Here’s a guideline on how much trust to place in advice you get from articles about Oracle published on the Internet (even the ones published by Oracle Corp.):
- If it’s not dated – don’t assume it’s true
- If its date is more than about 18 months old – don’t assume it’s (still) true
- If there’s no version number – don’t assume it’s true
- If it’s not your exact version number – don’t assume it’s (still) true
- For ‘technical implementation’ details, if there’s no platform mentioned – don’t assume it’s true
- For ‘technical implementation’ details, if the platform’s not the same as yours – don’t assume it’s true
- For ‘technical implementation’ details, if the feature set described does not match yours – don’t assume it’s true
- If there’s no rational justification supplied, and no repeatable test case – don’t assume it’s true
And even when all the details are perfect and there is a repeatable test case – and even after the repeatable test case produces the same results – ask yourself this question:
“Could there be a different explanation for the same set of results and, if so, how badly could this advice damage my system and how hard would it be to test my alternative hypothesis ?”
Once you’ve got through that lot – then you might be safe trying the advice on a development system.
Update 19th Aug 2010
Since this note was more than 18 months old it needed to be validated (according to its own standards) – and there were a couple more thoughts that crossed my mind:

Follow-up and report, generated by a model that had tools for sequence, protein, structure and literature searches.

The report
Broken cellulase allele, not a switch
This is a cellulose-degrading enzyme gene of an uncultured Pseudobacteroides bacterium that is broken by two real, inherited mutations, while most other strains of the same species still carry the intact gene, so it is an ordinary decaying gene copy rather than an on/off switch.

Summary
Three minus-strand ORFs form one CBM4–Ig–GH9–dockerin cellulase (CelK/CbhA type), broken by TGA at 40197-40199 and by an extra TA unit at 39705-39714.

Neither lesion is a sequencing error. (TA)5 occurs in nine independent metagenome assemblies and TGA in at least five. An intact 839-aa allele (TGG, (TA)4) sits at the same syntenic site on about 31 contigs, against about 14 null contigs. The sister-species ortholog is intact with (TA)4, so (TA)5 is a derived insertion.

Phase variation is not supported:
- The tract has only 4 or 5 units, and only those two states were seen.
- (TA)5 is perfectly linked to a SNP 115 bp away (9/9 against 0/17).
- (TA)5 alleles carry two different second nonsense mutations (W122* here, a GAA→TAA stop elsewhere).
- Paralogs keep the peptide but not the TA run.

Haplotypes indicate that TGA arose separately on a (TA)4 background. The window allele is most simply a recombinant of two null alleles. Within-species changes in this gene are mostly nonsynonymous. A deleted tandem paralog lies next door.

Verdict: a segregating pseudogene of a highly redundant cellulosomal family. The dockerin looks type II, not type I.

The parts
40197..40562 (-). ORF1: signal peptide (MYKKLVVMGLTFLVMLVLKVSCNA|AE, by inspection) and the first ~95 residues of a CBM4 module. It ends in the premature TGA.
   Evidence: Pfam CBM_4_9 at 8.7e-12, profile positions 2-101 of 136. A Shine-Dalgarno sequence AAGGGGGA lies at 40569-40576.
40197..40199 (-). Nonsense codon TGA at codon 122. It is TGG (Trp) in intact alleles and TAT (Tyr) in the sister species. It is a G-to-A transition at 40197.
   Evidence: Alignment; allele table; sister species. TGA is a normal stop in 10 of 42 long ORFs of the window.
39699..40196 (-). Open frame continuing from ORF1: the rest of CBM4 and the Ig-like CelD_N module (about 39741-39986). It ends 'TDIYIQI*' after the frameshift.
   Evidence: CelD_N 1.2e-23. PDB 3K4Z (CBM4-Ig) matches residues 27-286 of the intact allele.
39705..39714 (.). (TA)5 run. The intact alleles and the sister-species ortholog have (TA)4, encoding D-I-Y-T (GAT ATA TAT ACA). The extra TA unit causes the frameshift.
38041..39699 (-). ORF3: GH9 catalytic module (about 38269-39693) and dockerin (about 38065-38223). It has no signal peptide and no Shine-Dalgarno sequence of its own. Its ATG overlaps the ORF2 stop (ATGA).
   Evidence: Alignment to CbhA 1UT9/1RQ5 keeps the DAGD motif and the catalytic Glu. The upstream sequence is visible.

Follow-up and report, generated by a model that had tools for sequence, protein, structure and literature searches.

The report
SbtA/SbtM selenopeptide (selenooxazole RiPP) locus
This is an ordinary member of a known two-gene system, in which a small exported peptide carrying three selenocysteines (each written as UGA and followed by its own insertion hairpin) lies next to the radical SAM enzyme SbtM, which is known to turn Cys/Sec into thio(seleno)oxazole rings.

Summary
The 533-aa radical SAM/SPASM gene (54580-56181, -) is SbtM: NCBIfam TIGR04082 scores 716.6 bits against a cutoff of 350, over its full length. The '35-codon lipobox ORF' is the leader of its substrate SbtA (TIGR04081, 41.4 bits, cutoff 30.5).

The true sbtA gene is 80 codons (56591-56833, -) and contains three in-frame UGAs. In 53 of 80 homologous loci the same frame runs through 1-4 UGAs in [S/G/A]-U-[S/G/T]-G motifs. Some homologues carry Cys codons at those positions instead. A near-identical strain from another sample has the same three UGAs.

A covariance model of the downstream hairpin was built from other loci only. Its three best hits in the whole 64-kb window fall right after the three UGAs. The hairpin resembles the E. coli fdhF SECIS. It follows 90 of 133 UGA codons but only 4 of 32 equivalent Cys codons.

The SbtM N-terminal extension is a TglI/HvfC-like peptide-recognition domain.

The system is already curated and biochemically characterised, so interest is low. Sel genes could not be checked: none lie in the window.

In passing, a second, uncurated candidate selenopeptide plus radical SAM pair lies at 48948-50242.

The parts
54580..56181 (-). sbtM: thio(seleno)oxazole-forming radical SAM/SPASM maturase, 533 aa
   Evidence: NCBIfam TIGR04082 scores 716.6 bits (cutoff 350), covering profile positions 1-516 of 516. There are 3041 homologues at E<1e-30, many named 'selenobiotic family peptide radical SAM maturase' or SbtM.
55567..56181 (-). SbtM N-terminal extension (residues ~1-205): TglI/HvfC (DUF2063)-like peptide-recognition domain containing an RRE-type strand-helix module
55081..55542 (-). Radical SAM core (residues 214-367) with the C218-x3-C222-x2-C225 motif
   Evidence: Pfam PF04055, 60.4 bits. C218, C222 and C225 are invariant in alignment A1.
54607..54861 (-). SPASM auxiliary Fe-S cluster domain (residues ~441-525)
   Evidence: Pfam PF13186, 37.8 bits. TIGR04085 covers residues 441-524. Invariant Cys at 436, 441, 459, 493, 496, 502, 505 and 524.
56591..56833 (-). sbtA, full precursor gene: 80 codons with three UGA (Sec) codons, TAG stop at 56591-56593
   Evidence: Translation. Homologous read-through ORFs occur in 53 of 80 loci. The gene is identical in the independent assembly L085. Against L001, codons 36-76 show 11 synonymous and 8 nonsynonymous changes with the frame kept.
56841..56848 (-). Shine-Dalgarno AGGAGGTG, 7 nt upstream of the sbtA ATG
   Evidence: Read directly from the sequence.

- If the only justification for a claim is an extract from the Oracle documentation then check that the quoted article (still) exists – and if it doesn’t exist or the quotation isn’t accurate don’t trust the claim.
- If the only justification supplied in an article is an extract from the Oracle documentation don’t quote the article to someone else, supply the link (or reference) to the original documentation – it’s more likely to be in context, and it’s more likely to be corrected and brought up to date (eventually) if it’s wrong.
Update (20th Jan 2013)
Time passes so quickly – I should have reviewed and re-affirmed this item months ago. On the other hand, I’ve just decided it’s not really about Oracle (exclusively) and it’s definitely not a detail of technical implementatin, so it doesn’t really apply to itself. It’s going be valid for years.
Update (19th August 2015)
I just failed to follow my own guidelines – see posting referenced by the last pingback below – so I decided to remind myself of the comments I made all those years ago. And then had to insert one more caveat to the list.